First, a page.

I can tell you the exact moment people started taking the Coronavirus seriously: It was when they cleaned toilet paper and sanitizers off the shelves — everywhere.
Hoarding is a sign of panic and these people wanted to make sure they had plenty for them.
Is that human nature? Maybe not for everyone, but for far too many. Despite our big brains, we are still animals and the survival instinct surges strong. Our “new reality” is activating our atavistic animal brains.
“We are incredibly unprepared” for the onslaught of the disease, said Dr. Irwin Redlener, of the National Center for Disaster Preparedness. There are not enough beds, masks, protective clothing and ventilators to go around. In case of a moderate outbreak, 200,000 Americans will need intensive care unit beds; we have fewer than 100,000, according to a Health and Human Services estimate. Some 64,000 will need ventilators, but there are only 62,000 on hand. Remember that.
In my last report, I talked about this being a war — which I want to call the CoronaVirus War, but it is actually World War III, when you think about it. The world is fighting the disease.
Across Europe, nations are sealing their borders to prevent the spread of the disease. France is requiring citizens to have a form downloaded from the internet to leave their homes, to shop or walk dogs, for instance. Police can demand to see the document.
Europe learned its lesson from Italy, where at the onset, a government official said on TV, people rushed into the piazzas to show they were “not afraid.” Foolish bravado. Now Italians are singing patriotic songs from their balconies as they are trapped in their homes.
The isolation is still a novelty. What happens when the novelty wears off? A late-awakening President Donald Trump said we could be in real danger until July or August. Can Americans bear being cooped up that long? Can our economy survive?
One way or another, yes, the economy will “survive,” even if it takes years to recover. Billions of dollars, if not more, will be handed out to American citizens and businesses. That could change the antipathy many Americans have toward “free stuff,” which could result in a shift in political thinking, but that’s not today’s topic.
Let’s talk about the dark side of the human impact. This is a dystopian imagination. I am not predicting it, I am saying in a city where people have been shot over a parking space, it’s possible.
A few days ago in a store, a woman was paying at the cash register with her husband a few feet to her left. Another man walked up, put his purchases on the counter and stood next to the woman.
“Step back and give her some space,” the husband said to the man, who didn’t move and had a blank expression, as if he had no concept of social distance.
The husband muttered, “Stupid fuck,” as the transaction ended and the wife walked away from the cash register.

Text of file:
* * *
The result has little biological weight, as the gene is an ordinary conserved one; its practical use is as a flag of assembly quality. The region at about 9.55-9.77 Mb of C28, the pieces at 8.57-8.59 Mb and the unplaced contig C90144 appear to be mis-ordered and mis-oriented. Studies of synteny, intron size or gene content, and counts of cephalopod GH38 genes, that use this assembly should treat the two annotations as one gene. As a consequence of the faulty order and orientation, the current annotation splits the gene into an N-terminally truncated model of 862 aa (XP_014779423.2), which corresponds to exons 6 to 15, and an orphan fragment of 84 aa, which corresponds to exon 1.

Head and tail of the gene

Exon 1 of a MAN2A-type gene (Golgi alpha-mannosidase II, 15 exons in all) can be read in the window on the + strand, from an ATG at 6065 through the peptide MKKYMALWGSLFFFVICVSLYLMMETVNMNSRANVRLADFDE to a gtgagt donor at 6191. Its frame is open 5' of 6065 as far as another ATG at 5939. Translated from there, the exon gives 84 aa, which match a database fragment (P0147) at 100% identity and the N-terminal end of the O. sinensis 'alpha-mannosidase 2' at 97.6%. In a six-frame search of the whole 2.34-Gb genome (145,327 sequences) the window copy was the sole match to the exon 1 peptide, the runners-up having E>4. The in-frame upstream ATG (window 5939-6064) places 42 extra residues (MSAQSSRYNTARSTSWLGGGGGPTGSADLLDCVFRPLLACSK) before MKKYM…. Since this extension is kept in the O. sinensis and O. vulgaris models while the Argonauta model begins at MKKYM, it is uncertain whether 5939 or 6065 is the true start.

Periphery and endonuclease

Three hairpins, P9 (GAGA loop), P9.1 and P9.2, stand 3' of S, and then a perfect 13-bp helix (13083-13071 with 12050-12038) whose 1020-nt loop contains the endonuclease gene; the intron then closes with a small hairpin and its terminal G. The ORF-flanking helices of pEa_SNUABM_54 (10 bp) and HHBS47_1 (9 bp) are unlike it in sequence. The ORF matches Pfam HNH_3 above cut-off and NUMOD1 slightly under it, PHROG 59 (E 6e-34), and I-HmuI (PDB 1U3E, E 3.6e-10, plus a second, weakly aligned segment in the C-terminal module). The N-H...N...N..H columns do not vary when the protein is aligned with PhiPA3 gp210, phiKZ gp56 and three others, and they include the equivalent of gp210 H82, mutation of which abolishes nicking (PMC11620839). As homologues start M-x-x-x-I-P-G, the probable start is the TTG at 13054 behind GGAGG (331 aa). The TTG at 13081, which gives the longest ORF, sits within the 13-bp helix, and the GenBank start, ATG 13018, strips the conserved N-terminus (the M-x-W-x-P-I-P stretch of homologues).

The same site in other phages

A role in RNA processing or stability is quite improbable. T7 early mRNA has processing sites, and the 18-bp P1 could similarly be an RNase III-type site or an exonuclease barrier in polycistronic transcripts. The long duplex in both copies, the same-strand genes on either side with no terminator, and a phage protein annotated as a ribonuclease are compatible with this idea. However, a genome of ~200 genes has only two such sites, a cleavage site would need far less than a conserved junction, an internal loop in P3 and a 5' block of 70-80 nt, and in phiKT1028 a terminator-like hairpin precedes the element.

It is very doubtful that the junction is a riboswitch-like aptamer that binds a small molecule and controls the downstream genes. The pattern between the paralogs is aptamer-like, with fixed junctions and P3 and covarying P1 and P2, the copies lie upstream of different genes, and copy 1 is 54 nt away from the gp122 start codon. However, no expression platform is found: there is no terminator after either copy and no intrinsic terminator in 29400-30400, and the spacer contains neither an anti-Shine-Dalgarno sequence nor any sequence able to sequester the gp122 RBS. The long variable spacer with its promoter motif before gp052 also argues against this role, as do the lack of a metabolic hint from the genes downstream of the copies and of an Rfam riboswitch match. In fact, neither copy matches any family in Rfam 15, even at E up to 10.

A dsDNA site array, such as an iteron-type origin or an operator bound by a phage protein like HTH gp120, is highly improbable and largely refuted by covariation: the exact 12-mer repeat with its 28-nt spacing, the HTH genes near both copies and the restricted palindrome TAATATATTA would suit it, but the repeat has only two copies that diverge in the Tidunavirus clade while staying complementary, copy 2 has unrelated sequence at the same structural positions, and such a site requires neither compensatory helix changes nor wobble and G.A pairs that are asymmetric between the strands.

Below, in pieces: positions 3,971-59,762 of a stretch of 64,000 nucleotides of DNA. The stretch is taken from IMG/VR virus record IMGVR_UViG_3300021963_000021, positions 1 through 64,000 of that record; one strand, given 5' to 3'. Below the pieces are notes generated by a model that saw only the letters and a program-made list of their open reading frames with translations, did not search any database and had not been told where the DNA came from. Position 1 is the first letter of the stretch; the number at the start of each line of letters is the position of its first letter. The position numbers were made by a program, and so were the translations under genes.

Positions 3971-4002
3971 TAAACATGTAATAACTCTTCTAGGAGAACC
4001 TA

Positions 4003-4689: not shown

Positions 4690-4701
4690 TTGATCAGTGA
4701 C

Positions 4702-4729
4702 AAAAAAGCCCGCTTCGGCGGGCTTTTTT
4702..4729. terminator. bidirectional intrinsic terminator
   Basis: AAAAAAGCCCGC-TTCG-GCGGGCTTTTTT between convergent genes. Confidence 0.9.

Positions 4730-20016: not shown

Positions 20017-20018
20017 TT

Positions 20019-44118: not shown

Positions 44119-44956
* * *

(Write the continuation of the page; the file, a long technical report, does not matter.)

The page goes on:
Would it surprise you had one of them pulled a gun and fired?
Until now, if someone invaded your personal space, it was annoying. Now it could be fatal. Some people will react violently.
Until now, there has been product in grocery stores, but what happens if the supply train is broken because workers who produce the food fall ill?
With genuine shortages, how long will it be before stores are looted at gunpoint? And if the stores are cleaned out, home invasions are next. That’s why gun and ammo sales are going through the roof.
Many of them will be too ill to respond, and others will stay home to protect their own families because desperate people with guns will be roaming the streets. When money runs out, the currency will be weapons.
Remember the shortages I mentioned? If our social distance measures don’t work, our hospitals will be swamped and lock their doors. I can imagine family members bringing their stricken mother to a hospital and physically threatening staffers to get her treatment. If people will kill for a parking spot, what might they do to save Mother?
It is fact, not fiction, that the Brooklyn D.A. announced he won’t prosecute “low-level” offenses. It’s like Larry Krasner has a twin. Half a day later, Philly cops also were ordered to not arrest low-level offenders. “Just give them a good beating and send them on their way,” Police Commissioner Danielle Outlaw did not say.
How long will it take for the veneer of civilization to shatter and we resort to every man for himself in a dog-eat-dog world?
Extreme? Yes. Impossible?
In a less catastrophic scenario, how many weeks will it be before cabin fever sets in and people go stir crazy?
What if people start going out and socializing? And the more who do will attract even more. How do we stop it?
Will the government ban it, and if so, will they enforce it by arresting people?
Would they do that, when jails don’t offer social distance? Arrest seems unlikely when the Brooklyn D.A. won’t arrest actual criminals.
Cultural movements have momentum, often bending toward entropy, which is social disorder.
But remember: This was not a prediction. It was imagination. Make believe. Right?